Improved computing power has increased the capacity of numerical modellers to simulate real-life situations with the expectation that results will be useable and accurate. It is easy when modelling physically large geometries to over simplify aspects of the model, usually because of mesh restrictions, that could be to the detriment of the results. For many years Computational Fluid Dynamics has been used to simulate leaks of hydrocarbons with the production areas of offshore superstructures, [1, 2]. Many simplifications are required, one of which is modelling these leaks as axisymmetric jets. Previous work, [3, 4] has shown that this is not a good simplification and could have serious safety implications. A more accurate model of the jet is needed for the full consequences of a gas leak to be ascertained. Having established that a leak from a flange or crack in a pipe needs to be modelled as a high aspect ratio cross-sectional orifice jet there are also other considerations. Work on the turbulence model and inlet conditions that are best suited for these simulations has been done, [5, 6]. This paper investigates the flow within the pipe and up through the gasket before release into the air as a jet. Different idealised shapes of gaskets are used and the flow at the jet exit are investigated. It is hoped that a range of conditions can be established that set criteria for such modelling in the future.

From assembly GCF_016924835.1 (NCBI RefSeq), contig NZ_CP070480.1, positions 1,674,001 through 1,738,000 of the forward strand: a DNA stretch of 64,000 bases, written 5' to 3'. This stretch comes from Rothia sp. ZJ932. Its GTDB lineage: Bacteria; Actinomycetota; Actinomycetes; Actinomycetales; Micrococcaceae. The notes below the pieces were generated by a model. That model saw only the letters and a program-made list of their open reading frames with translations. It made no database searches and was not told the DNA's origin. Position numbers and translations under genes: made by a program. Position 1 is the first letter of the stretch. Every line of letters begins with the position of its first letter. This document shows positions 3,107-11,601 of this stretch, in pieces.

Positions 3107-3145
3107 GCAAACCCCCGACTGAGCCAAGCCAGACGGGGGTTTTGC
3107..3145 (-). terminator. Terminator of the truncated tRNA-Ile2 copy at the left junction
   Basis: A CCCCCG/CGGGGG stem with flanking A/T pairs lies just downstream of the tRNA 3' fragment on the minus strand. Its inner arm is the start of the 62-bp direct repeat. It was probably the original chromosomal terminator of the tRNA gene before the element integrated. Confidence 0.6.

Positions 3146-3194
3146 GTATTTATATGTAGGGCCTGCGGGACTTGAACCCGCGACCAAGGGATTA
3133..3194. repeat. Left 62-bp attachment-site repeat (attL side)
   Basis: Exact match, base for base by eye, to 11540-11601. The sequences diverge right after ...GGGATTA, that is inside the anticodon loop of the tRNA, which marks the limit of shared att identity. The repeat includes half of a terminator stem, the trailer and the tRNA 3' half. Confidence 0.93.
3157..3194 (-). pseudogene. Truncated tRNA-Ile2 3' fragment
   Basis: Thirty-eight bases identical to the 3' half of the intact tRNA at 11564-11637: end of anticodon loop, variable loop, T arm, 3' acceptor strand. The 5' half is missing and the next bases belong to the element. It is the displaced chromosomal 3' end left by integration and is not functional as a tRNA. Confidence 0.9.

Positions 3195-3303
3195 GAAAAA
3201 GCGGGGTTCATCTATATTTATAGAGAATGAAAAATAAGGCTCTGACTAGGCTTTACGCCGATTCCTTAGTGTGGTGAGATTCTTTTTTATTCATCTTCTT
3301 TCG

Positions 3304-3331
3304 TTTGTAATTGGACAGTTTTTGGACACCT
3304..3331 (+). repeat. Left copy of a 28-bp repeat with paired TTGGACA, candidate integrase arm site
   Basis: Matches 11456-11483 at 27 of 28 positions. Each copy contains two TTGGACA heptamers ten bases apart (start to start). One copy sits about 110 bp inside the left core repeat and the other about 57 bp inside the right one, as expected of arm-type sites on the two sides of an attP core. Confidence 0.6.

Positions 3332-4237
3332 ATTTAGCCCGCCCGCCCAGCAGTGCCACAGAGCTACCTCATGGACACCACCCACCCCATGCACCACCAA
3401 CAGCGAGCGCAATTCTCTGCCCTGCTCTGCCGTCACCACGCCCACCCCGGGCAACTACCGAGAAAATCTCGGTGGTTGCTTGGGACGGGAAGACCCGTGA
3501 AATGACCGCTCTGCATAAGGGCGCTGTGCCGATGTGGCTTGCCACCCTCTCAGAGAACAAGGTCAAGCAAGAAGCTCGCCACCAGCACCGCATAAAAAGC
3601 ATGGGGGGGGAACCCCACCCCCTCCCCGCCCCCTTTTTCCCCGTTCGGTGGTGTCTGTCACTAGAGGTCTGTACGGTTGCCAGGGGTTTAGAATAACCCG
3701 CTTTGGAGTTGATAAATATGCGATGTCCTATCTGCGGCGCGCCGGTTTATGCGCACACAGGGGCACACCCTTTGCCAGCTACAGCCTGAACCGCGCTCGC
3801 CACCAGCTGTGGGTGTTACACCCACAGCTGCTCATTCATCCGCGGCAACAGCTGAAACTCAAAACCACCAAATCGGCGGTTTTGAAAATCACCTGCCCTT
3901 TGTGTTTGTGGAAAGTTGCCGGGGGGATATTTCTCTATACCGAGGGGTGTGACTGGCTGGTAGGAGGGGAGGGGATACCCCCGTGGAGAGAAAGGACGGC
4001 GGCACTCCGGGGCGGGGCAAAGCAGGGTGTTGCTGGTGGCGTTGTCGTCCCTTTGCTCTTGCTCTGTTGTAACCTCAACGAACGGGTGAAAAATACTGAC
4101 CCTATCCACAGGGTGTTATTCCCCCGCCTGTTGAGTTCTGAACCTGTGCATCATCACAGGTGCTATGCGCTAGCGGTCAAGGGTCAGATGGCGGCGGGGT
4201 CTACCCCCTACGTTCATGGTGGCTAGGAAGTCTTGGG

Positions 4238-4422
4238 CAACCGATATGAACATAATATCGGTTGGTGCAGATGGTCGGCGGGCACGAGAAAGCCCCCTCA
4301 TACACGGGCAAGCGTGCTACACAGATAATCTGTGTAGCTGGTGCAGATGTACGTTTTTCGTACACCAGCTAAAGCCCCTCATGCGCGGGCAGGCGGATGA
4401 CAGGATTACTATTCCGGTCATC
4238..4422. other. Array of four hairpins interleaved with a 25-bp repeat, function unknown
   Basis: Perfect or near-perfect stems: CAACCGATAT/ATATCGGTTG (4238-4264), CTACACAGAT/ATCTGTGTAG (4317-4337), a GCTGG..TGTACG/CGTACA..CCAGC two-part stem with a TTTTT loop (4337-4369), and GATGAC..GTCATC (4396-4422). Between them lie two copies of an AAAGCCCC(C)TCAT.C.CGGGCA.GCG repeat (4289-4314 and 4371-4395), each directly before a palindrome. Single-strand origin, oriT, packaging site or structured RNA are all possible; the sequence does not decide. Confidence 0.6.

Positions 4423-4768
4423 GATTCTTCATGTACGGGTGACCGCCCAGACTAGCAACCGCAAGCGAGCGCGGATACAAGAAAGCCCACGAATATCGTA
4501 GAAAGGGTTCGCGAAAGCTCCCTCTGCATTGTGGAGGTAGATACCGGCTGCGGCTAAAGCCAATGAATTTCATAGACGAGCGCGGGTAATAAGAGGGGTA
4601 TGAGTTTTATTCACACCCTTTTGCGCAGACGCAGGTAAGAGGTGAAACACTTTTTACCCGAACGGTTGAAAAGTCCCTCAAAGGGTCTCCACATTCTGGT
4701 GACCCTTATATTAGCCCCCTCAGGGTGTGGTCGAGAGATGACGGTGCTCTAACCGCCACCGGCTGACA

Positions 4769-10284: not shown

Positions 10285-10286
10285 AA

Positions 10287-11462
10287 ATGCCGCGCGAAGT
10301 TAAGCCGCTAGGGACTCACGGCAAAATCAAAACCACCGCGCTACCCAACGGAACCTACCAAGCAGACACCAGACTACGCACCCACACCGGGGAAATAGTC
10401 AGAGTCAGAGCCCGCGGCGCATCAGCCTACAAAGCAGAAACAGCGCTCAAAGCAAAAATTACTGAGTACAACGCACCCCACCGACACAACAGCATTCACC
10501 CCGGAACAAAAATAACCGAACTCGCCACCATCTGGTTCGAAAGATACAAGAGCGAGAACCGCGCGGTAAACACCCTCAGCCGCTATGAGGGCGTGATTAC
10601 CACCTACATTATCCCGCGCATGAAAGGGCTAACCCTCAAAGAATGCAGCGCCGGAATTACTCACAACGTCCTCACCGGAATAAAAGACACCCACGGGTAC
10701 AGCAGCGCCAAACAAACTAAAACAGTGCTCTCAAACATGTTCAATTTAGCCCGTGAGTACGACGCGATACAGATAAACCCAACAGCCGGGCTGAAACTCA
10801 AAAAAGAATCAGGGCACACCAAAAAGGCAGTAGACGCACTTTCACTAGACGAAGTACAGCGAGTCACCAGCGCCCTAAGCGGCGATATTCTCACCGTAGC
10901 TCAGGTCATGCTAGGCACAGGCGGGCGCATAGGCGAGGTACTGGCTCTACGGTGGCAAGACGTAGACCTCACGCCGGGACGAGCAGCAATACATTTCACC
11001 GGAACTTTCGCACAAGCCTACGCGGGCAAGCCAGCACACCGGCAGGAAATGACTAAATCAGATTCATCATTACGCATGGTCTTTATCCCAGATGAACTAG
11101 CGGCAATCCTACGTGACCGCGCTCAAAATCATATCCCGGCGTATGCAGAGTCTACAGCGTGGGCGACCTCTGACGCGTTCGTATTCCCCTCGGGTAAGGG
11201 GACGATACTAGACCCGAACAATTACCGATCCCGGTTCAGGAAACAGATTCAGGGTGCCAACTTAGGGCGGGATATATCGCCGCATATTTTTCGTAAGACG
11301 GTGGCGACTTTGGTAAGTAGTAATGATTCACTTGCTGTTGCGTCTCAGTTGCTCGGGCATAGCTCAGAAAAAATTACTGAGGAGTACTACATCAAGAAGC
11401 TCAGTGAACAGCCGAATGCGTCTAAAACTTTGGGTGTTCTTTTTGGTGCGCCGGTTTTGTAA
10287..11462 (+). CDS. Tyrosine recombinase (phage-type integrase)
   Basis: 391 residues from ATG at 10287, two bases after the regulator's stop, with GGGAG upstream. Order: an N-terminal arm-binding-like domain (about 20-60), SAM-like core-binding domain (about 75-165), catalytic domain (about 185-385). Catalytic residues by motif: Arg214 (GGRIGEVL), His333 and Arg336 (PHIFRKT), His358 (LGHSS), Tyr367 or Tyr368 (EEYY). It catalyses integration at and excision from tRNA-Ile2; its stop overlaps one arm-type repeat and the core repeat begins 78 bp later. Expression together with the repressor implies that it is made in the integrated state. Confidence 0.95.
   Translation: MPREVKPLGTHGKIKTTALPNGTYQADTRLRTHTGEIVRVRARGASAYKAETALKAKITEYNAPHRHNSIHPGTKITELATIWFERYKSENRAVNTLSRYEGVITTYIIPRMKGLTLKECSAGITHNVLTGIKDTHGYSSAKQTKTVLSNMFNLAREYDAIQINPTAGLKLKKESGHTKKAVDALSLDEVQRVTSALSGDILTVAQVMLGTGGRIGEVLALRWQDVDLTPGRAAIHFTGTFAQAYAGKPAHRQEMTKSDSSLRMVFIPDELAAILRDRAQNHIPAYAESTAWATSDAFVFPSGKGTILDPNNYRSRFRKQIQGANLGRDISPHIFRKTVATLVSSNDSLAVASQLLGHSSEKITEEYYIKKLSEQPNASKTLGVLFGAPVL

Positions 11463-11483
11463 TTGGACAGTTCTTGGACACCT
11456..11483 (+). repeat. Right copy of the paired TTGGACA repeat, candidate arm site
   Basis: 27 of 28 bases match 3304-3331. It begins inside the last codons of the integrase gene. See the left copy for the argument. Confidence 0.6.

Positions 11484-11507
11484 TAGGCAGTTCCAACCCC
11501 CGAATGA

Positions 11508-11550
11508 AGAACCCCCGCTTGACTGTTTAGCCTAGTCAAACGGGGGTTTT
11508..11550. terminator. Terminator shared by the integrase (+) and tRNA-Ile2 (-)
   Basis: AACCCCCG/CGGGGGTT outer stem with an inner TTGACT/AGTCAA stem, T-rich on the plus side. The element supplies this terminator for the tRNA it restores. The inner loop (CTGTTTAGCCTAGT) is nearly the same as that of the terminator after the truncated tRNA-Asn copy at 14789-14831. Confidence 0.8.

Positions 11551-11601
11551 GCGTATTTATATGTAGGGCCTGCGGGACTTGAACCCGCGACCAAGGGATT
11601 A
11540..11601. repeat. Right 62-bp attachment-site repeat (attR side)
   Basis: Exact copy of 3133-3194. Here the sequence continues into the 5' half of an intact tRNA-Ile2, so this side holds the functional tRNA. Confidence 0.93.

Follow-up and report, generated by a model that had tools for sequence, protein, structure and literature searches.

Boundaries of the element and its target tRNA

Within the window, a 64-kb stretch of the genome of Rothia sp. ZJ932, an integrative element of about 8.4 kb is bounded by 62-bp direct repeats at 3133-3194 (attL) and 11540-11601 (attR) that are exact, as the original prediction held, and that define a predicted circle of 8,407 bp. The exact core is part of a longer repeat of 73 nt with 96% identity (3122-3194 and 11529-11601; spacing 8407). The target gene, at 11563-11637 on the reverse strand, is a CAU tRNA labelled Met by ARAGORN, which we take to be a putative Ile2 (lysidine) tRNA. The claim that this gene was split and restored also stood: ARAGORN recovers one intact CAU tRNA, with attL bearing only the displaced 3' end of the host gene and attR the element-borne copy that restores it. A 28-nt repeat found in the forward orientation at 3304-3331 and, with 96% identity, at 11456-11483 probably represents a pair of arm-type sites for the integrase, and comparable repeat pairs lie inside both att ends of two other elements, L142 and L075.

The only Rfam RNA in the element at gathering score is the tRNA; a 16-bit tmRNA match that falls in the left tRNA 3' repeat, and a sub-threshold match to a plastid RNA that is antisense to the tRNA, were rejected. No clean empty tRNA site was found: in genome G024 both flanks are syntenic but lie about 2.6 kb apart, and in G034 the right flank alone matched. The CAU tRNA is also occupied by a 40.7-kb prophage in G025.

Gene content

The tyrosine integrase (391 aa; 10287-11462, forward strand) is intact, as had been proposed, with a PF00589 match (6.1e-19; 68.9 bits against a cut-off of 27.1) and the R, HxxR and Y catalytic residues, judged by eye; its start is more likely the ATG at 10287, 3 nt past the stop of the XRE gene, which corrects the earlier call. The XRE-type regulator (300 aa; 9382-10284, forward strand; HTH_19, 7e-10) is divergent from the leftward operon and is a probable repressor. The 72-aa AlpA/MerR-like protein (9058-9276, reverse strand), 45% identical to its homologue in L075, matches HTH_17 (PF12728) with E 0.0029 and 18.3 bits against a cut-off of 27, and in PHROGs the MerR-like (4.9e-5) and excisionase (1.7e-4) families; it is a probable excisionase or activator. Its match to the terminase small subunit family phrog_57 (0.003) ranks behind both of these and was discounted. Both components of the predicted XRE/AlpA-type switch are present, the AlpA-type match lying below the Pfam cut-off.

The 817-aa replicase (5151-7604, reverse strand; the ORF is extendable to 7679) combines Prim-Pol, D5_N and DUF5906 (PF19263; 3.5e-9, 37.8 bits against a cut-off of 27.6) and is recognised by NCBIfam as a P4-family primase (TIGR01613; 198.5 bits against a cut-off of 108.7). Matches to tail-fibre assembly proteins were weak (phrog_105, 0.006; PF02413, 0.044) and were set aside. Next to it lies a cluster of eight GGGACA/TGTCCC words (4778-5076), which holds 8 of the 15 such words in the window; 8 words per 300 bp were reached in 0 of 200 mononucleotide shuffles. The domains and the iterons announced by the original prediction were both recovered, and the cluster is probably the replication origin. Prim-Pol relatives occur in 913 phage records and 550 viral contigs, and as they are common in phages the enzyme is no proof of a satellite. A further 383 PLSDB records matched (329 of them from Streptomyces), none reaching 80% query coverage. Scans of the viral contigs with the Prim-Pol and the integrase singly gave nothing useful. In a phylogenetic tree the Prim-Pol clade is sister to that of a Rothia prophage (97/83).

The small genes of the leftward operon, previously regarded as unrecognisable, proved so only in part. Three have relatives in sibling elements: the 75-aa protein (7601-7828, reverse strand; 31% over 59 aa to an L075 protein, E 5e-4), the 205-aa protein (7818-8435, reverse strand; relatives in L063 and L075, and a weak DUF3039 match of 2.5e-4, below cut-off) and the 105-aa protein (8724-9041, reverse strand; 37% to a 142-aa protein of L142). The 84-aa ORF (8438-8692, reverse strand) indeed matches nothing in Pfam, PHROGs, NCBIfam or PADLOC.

- Pressure Vessels and Piping Division
Computational Fluid Dynamic Simulation of High Aspect Ratio Cross-Sectional Orifice Jets: Shape of the Gasket on the Internal Flow
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Wakes, SJ. "Computational Fluid Dynamic Simulation of High Aspect Ratio Cross-Sectional Orifice Jets: Shape of the Gasket on the Internal Flow." Proceedings of the ASME/JSME 2004 Pressure Vessels and Piping Conference. Emerging Technology in Fluids, Structures, and Fluid Structure Interactions: Volume 1, Fluid Dynamics and Fluid Structure Interactions. San Diego, California, USA. July 25–29, 2004. pp. 85-92. ASME. https://doi.org/10.1115/PVP2004-2856
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